- Consult Table 1 of the Fact Sheet for Healthcare Providers for clinically significant drug interactions, including contraindicated drugs. Drugs listed in Table 1 are a guide and not considered a comprehensive list of all possible drugs that may interact with PAXLOVID. Consider the potential for drug interactions prior to and during PAXLOVID therapy; review concomitant medications during PAXLOVID therapy and monitor for the adverse reactions associated with the concomitant medications.
- Anaphylaxis and other hypersensitivity reactions have been reported with PAXLOVID. Cases of Toxic Epidermal Necrolysis and Stevens-Johnson syndrome have been reported with ritonavir, a component of PAXLOVID (refer to NORVIR prescribing information). If signs and symptoms of a clinically significant hypersensitivity reaction or anaphylaxis occur, immediately discontinue PAXLOVID and initiate appropriate medications and/or supportive care.
- Hepatic transaminase elevations, clinical hepatitis, and jaundice have occurred in patients receiving ritonavir. Therefore, caution should be exercised when administering PAXLOVID to patients with pre-existing liver diseases, liver enzyme abnormalities, or hepatitis.
- Because nirmatrelvir is co-administered with ritonavir, there may be a risk of HIV-1 developing resistance to HIV protease inhibitors in individuals with uncontrolled or undiagnosed HIV-1 infection.
- Adverse events in the PAXLOVID group (≥1%) that occurred at a greater frequency (≥5 subject difference) than in the placebo group were dysgeusia (6% and <1%, respectively), diarrhea (3% and 2%), hypertension (1% and <1%), and myalgia (1% and <1%). The proportions of subjects who discontinued treatment due to an adverse event were 2% in the PAXLOVID group and 4% in the placebo group.
- The following adverse reactions have been identified during post-authorization use of PAXLOVID. Because these reactions are reported voluntarily from a population of uncertain size, it is not always possible to reliably estimate their frequency or establish a causal relationship to drug exposure.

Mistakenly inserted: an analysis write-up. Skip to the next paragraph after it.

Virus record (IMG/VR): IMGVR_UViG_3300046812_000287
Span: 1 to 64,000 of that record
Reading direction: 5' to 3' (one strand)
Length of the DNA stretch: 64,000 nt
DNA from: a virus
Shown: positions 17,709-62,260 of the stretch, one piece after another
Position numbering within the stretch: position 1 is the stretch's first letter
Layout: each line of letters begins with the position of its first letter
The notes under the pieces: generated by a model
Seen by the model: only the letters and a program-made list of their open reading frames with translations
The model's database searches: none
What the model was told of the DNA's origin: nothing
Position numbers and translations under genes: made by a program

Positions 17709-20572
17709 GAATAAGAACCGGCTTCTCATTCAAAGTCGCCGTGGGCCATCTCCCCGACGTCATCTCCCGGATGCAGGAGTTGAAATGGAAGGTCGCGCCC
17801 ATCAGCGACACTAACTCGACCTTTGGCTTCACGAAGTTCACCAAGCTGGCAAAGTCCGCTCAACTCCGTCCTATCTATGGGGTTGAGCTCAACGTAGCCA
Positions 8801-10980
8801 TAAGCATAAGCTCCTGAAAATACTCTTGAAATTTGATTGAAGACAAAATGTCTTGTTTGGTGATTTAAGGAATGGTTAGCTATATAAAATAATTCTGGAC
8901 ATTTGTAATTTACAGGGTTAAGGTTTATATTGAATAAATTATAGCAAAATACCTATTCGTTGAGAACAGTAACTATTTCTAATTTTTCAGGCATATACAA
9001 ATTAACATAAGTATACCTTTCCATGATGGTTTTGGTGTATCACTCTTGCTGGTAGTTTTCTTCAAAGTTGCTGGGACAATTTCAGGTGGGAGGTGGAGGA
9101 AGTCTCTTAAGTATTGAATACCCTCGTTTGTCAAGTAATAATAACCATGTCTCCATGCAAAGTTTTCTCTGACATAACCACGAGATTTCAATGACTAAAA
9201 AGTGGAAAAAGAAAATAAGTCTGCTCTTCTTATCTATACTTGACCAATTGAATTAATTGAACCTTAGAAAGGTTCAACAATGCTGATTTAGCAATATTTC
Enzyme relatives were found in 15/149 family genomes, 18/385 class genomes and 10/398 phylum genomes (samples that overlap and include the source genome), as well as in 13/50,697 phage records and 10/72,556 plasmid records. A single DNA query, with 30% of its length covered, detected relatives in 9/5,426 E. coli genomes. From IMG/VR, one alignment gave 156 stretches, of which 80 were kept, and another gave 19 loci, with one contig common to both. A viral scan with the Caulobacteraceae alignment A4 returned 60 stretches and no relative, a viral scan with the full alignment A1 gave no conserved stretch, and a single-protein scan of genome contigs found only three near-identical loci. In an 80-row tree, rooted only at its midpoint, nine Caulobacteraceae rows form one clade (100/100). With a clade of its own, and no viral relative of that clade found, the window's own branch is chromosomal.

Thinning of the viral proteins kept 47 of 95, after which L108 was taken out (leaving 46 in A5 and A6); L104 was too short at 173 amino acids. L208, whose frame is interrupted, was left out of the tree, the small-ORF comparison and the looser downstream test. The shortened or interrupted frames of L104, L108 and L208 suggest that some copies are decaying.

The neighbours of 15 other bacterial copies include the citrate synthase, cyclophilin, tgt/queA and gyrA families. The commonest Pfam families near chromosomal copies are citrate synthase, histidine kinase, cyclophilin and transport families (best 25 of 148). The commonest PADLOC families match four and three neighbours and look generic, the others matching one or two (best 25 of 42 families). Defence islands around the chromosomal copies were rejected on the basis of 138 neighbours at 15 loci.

- Immune System Disorders: Anaphylaxis, hypersensitivity reactions
- Gastrointestinal Disorders: Abdominal pain, nausea
- General Disorders and Administration Site Conditions: Malaise
- The prescribing healthcare provider and/or the provider’s designee is/are responsible for mandatory reporting of all serious adverse events and medication errors potentially related to PAXLOVID within 7 calendar days from the healthcare provider’s awareness of the event.
- Submit adverse event and medication error reports to FDA MedWatch using one of the following methods: online at https://www.fda.gov/medwatch/report.htm; complete and submit a postage-paid FDA Form 3500 and returning by mail or fax; call 1-800-FDA-1088 to request a reporting form.
- In addition, please provide a copy of all FDA MedWatch forms to
- www.pfizersafetyreporting.com, or by fax at 1-866-635-8337 or phone at 1-800-438-1985.
- PAXLOVID is a strong inhibitor of CYP3A and may increase plasma concentrations of drugs that are primarily metabolized by CYP3A. Co-administration of PAXLOVID with drugs highly dependent on CYP3A for clearance and for which elevated plasma concentrations are associated with serious and/or life-threatening events is contraindicated. Co-administration with other CYP3A substrates may require a dose adjustment or additional monitoring.
- Nirmatrelvir and ritonavir are CYP3A substrates; therefore, drugs that induce CYP3A may decrease nirmatrelvir and ritonavir plasma concentrations and reduce PAXLOVID therapeutic effect.